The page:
It saves after every cycle. It’s up to you to load them up and average them. See `planet_cv.ipynb`

for an example.

So is this similar to the effect of snapshot ensembling then if you were to use `cycle_save_name`

and then took the average of the preds generated from each of those saved weights from each cycle with the idea that perhaps each of these found some unique local minima and thus extracted some unique information? So it would follow that this would possibly give you a better result than just choosing one of those saved weights because it had the minimum validation loss?

Yes it’s exactly that

Beg to differ, and even sorrier I haven’t actually tried this out, but wanted to chime in…

I wonder if taking the average of the weights would be a good idea in an ensemble predictions. It makes sense to take the final predictions, and average them. However, taking the average of the weights… umm… that’s a little counter intuitive at least to me.

I feel like for any model trained to a point, the weights are optimized in relation to neurons within the neural network. I strongly feel like taking the averages of these weights wouldn’t necessarily translate in a linear way. I.e. the final performance of the network with the average weights wouldn’t be the final performance of the averaged predictions (that is: using ensemble in the traditional way).

But I could be wrong. I didn’t even know this wasn’t used by default. Just my 2 cents

I think by “average of weights” in this case means loading the weights and predicting with each individually then taking the average of those predictions, not taking an average of the actual weights themselves. Yea I agree that would be kinda strange lol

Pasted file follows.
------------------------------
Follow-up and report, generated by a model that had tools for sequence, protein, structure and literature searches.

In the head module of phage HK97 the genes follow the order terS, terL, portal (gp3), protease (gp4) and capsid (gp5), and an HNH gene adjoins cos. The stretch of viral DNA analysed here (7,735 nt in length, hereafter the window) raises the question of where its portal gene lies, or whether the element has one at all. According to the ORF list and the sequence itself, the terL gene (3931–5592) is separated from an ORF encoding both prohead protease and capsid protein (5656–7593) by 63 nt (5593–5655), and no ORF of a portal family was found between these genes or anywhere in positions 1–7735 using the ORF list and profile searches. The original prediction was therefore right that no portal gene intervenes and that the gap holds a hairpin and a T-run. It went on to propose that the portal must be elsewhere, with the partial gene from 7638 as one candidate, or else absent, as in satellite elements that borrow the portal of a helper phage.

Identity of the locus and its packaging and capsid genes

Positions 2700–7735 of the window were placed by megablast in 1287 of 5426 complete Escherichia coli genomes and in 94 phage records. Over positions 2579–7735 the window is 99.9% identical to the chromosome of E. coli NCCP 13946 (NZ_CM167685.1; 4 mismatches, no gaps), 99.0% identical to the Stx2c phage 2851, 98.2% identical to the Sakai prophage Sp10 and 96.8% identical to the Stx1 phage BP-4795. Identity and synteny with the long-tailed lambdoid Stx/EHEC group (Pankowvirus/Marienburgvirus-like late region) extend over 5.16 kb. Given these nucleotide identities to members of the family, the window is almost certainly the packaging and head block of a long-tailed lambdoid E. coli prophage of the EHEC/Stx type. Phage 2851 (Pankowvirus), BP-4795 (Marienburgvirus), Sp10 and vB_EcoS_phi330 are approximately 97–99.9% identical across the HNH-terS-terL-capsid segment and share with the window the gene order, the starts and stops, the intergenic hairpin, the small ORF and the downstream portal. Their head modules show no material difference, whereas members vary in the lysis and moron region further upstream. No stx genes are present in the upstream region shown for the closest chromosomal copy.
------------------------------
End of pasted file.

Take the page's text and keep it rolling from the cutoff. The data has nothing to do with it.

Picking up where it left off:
Btw here is a paper about snapshot ensembling which explains this concept in a lot more detail. Basically the point is that we can implement this technique with fastai by using `cycle_save_name`

That was the real “aha” moment for me and I’m excited to test it out.

"We show in a series of experiments that our approach is compatible with diverse network architectures and learning tasks. It consistently yields lower error rates than state-of-the-art single models at no additional training cost, and compares favorably with traditional network ensembles"

https://arxiv.org/abs/1704.00109

I think that taking an average of weights is also a valid approach, even though we have nonlinearities. Think about dropout for example - it is exactly what it relies on. Yeah, it gives you lesser dependency between activations (one nice effect) while it also effectively trains exponentially many models averaged at runtime

Definitely looking to further voices in this discussion and will gladly stand corrected if wrong Interesting conversation

I’d be very surprised if that worked, but I can’t say I’ve tried it.

I know I’m kinda late to the party but I also wrote a post about cyclic learning rates

That’s an awesome blog post with tons of references. Thanks for sharing.